This is the documentation for older versions of Odoo (formerly OpenERP).

See the new Odoo user documentation.

See the new Odoo technical documentation.

The Architecture of OpenERP

To access OpenERP you can:

  • use a web browser pointed at the OpenERP client-web server, or

  • use an application client (the GTK client) installed on each computer.

The two methods of access give very similar facilities, and you can use both on the same server at the same time. It is best to use the web browser if the OpenERP server is some distance away (such as on another continent) because it is more tolerant of time delays between the two than the GTK client is. The web client is also easier to maintain, because it is generally already installed on users' computers.

Conversely you would be better off with the application client (called the GTK client because of the technology it is built with) if you are using a local server (such as in the same building). In this case the GTK client will be more responsive, so more satisfying to use.

Note

Web Client and GTK Client

There is little functional difference between the two OpenERP clients - the web client and the GTK client at present. The web client offers more functionality, for instance, the Corporate Intelligence feature, and the Gantt view.

When you are changing the structure of your OpenERP installation (adding and removing modules, perhaps changing labels), you might find the web client to be irritating because of its use of caching.

Caching speeds it all up by keeping a copy of data somewhere between the server and your client, which is usually good. But you may have made changes to your installation that you cannot immediately see in your browser. Many apparent faults are caused by this! The workaround is to use the GTK client during development and implementation where possible.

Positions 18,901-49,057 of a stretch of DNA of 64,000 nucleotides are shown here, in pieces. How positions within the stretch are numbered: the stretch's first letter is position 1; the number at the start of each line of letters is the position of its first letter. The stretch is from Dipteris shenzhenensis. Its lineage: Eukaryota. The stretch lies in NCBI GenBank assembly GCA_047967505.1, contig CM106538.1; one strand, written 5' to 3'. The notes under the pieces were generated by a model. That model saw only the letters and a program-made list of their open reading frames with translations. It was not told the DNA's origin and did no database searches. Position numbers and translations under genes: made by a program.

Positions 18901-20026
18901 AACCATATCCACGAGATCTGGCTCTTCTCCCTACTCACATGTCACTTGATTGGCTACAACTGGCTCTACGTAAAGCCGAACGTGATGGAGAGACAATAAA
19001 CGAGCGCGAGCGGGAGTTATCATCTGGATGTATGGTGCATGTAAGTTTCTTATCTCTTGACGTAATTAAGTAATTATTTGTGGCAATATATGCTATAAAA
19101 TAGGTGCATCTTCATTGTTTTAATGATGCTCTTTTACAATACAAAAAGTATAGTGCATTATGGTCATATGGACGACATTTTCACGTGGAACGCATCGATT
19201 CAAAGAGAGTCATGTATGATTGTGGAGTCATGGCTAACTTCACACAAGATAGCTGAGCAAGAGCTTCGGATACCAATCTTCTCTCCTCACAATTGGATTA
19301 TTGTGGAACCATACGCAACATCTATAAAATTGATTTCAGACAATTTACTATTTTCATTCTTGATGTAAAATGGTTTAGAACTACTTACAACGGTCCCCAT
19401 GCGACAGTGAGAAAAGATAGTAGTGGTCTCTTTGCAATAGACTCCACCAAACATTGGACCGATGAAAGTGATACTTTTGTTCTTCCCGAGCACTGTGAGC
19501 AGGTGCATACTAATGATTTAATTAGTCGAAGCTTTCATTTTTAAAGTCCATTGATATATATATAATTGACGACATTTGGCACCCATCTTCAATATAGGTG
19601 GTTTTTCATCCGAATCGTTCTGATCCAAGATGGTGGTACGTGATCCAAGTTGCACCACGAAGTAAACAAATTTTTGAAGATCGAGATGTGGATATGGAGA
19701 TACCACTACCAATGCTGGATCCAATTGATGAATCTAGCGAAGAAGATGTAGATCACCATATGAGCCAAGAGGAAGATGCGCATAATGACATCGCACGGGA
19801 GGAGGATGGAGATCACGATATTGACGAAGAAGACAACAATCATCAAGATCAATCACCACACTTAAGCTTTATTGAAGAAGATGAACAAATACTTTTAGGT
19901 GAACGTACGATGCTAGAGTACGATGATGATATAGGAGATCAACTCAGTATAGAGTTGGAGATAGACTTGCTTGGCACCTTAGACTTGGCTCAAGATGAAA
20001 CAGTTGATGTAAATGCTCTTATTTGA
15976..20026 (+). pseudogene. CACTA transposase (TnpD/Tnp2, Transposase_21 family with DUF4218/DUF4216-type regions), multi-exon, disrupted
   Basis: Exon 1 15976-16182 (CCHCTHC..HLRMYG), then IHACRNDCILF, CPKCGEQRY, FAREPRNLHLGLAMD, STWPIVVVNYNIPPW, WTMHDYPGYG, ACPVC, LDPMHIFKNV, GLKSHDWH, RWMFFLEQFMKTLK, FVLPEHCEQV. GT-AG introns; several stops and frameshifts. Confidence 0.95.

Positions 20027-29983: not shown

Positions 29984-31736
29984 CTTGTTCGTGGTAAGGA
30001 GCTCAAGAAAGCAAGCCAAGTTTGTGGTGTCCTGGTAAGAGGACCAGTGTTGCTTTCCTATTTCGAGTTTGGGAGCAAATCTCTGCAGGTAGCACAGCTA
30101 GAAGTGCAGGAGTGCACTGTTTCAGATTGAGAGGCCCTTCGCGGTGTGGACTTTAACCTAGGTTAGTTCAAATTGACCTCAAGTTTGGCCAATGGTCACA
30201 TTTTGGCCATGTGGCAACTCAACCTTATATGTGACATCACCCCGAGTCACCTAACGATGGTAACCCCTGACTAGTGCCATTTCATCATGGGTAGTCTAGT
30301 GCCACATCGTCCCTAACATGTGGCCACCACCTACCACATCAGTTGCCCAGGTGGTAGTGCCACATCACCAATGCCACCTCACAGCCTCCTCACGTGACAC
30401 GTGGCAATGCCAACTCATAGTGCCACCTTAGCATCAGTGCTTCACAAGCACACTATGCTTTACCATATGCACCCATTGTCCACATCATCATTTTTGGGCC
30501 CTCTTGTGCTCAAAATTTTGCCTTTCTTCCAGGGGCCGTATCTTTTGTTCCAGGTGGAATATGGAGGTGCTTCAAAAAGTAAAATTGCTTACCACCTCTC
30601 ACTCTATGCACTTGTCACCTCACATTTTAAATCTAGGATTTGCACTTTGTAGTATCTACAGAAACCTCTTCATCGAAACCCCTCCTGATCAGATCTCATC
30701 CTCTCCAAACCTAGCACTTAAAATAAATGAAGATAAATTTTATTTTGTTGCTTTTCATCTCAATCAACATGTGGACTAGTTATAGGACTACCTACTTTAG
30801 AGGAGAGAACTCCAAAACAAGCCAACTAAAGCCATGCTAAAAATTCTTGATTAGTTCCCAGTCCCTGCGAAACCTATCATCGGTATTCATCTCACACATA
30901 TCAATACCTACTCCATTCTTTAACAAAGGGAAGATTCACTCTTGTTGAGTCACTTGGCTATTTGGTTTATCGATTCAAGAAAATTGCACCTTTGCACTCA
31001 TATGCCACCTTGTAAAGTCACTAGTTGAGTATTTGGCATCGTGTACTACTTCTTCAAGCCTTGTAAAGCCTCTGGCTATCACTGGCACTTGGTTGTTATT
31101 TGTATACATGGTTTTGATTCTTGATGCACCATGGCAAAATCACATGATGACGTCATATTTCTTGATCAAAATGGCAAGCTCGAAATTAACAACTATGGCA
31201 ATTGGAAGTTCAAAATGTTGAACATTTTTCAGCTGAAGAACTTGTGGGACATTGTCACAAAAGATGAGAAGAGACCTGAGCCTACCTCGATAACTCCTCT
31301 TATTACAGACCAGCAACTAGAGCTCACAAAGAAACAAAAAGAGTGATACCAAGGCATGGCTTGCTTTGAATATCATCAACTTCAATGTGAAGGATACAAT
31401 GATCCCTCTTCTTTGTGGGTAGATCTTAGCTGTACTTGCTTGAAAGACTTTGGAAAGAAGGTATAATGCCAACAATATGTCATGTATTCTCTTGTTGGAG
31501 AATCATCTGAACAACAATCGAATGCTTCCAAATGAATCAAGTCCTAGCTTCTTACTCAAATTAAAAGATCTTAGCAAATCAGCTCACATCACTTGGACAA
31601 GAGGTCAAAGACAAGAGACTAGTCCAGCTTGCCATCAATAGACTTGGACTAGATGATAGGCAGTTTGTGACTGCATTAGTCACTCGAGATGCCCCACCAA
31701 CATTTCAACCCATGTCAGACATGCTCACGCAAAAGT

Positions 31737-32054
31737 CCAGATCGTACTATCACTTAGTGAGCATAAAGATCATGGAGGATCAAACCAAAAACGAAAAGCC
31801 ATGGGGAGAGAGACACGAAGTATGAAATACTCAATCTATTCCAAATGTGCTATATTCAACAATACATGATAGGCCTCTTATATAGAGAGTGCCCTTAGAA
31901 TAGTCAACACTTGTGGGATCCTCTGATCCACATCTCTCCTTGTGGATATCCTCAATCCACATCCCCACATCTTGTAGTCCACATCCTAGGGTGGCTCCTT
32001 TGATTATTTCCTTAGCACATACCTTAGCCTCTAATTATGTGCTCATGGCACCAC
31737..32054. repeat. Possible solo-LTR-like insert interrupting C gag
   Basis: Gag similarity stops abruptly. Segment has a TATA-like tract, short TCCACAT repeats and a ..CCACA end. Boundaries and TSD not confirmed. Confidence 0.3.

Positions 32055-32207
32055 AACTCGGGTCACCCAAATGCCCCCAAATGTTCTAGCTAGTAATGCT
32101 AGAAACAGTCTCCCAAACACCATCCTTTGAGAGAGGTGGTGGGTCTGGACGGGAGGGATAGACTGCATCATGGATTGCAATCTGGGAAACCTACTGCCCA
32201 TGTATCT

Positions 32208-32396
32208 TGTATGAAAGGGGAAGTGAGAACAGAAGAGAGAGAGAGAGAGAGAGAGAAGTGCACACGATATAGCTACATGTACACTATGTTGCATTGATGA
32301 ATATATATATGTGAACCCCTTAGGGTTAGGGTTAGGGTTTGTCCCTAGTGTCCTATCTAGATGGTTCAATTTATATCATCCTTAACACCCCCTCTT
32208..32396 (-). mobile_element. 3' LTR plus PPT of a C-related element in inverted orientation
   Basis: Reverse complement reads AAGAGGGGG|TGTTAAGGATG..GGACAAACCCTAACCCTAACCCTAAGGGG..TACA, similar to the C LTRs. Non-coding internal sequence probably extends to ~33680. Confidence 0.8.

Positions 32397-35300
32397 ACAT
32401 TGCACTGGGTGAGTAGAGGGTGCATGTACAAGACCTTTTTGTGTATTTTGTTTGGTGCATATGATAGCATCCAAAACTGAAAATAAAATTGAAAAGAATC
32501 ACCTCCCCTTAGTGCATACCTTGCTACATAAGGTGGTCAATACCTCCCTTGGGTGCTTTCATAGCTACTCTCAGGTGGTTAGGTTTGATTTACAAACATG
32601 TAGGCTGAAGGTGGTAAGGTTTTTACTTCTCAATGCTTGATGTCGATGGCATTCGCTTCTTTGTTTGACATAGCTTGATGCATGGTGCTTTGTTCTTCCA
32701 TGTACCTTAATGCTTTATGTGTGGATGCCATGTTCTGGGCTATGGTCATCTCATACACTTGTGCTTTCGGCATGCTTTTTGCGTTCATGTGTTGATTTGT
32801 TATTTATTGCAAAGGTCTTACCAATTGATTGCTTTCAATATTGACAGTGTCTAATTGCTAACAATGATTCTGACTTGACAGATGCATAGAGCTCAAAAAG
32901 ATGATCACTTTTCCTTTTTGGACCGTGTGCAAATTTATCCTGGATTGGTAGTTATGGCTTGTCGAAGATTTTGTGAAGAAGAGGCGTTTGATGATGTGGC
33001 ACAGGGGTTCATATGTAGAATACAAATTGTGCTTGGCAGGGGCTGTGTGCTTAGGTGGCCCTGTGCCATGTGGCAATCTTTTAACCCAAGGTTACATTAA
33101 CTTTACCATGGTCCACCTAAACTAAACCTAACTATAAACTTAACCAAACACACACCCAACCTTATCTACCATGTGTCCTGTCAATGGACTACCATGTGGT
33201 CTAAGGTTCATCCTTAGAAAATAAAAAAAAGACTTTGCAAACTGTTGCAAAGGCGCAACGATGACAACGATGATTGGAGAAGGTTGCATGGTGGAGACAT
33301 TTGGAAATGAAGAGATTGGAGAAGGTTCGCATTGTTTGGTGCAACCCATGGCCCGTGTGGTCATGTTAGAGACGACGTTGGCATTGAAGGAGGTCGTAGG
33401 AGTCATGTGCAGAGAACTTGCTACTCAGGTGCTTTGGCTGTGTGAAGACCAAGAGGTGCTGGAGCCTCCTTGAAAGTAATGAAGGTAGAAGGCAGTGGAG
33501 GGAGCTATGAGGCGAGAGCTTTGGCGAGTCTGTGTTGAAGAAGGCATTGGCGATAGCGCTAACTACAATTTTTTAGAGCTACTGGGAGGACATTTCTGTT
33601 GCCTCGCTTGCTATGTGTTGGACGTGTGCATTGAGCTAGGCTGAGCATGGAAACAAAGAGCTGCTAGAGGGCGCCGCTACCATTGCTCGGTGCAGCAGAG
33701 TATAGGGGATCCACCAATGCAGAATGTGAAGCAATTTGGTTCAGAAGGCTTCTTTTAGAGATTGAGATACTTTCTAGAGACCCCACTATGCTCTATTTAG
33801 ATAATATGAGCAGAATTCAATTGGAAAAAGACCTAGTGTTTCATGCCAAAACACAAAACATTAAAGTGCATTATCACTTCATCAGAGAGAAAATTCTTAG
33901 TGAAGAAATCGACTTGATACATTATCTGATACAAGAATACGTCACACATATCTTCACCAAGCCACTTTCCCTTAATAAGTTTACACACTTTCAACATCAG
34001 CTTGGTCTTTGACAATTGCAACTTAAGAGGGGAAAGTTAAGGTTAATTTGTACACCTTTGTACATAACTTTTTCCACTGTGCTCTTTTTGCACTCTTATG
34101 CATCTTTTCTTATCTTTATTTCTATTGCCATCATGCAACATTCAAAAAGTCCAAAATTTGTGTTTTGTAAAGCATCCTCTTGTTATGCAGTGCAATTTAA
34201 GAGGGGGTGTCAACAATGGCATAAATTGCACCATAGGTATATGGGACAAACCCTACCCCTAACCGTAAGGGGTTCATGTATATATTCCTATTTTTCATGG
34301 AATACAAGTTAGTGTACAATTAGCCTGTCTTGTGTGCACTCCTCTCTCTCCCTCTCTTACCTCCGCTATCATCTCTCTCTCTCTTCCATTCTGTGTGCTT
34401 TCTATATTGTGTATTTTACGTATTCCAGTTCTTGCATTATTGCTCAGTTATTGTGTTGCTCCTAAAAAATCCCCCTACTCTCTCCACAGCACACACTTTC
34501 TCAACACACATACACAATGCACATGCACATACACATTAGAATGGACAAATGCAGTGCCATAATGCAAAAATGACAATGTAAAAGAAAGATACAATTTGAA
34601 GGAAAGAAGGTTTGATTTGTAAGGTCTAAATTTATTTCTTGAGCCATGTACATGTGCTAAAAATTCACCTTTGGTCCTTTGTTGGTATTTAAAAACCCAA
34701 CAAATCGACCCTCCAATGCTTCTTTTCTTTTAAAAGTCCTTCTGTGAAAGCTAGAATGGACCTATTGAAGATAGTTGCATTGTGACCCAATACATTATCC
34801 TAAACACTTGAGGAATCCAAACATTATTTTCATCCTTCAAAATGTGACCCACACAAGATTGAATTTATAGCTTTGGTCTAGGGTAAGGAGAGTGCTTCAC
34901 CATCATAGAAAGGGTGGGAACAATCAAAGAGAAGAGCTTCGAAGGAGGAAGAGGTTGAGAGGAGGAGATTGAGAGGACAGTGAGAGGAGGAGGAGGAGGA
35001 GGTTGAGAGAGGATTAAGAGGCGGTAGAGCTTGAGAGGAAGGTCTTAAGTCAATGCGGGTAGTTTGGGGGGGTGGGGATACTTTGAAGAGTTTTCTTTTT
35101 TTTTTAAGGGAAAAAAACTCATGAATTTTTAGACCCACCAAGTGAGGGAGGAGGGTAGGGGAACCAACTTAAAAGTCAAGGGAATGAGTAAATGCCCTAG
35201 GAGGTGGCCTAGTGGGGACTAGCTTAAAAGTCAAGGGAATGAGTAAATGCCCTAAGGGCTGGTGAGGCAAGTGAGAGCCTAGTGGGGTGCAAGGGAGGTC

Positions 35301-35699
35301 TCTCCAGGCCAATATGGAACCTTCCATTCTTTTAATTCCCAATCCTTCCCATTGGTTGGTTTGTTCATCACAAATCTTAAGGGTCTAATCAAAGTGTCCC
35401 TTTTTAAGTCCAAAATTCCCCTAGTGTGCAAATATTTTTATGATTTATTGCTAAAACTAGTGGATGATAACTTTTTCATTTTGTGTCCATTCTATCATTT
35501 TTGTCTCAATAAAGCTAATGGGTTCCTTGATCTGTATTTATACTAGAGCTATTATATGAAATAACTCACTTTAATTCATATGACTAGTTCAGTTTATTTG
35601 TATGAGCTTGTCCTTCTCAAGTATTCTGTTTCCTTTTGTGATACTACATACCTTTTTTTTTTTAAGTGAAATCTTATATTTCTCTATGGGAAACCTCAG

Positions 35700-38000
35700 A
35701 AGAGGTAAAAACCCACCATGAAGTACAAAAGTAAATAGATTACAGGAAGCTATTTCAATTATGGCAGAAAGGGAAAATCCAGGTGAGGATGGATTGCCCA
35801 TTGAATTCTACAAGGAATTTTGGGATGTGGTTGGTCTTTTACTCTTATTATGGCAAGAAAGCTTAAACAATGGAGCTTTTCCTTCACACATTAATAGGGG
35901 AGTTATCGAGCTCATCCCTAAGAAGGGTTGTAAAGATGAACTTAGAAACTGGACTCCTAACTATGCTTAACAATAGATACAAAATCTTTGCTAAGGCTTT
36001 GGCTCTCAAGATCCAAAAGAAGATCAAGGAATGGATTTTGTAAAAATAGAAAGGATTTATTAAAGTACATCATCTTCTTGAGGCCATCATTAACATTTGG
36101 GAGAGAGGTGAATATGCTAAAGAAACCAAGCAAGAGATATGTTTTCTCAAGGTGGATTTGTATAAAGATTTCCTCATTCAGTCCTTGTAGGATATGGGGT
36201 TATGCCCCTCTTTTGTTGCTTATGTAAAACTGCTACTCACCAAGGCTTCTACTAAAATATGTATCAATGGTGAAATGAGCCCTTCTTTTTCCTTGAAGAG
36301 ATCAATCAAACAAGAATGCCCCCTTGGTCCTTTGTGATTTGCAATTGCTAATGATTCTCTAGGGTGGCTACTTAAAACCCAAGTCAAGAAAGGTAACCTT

The OpenERP company will continue to support two clients for the foreseeable future, so you can use whichever client you prefer.

An OpenERP system is formed from three main components:

  • the PostgreSQL database server, which contains all of the databases, each of which contains all data and most elements of the OpenERP system configuration,

  • the OpenERP application server, which contains all of the enterprise logic and ensures that OpenERP runs optimally,

  • the web server, a separate application called the Open Object client-web, which enables you to connect to OpenERP from standard web browsers and is not needed when you connect using a GTK client.

/doc_static/6.0/_images/terp_arch_1.png

The architecture of OpenERP

Note

Terminology: Client-web – Server or Client?

The client-web component can be thought of as a server or a client depending on your viewpoint.

It acts as a web server to an end user connecting from a web browser, but it also acts as a client to the OpenERP application server just as a GTK application client does.

So in this book its context will determine whether the client-web component is referred to as a server or a client.

Note

eTiny

The web application used to be known as “eTiny”. Its name changed to “client-web” as Tiny ERP was renamed to OpenERP, but its characteristics have generally stayed the same.

Note

PostgreSQL, the relational and object database management system.

It is a free and open-source high-performance system that compares well with other database management systems such as MySQL and FirebirdSQL (both free), Sybase, DB2 and Microsoft SQL Server (all proprietary). It runs on all types of Operating System, from Unix/Linux to the various releases of Windows, via Mac OS X, Solaris, SunOS and BSD.

These three components can be installed on the same server or can be distributed onto separate computer servers, if performance considerations require it.

If you choose to run only with GTK clients, you will not need the third component – the client-web server – at all. In this case, OpenERP's GTK client must be installed on the workstation of each OpenERP user in the company.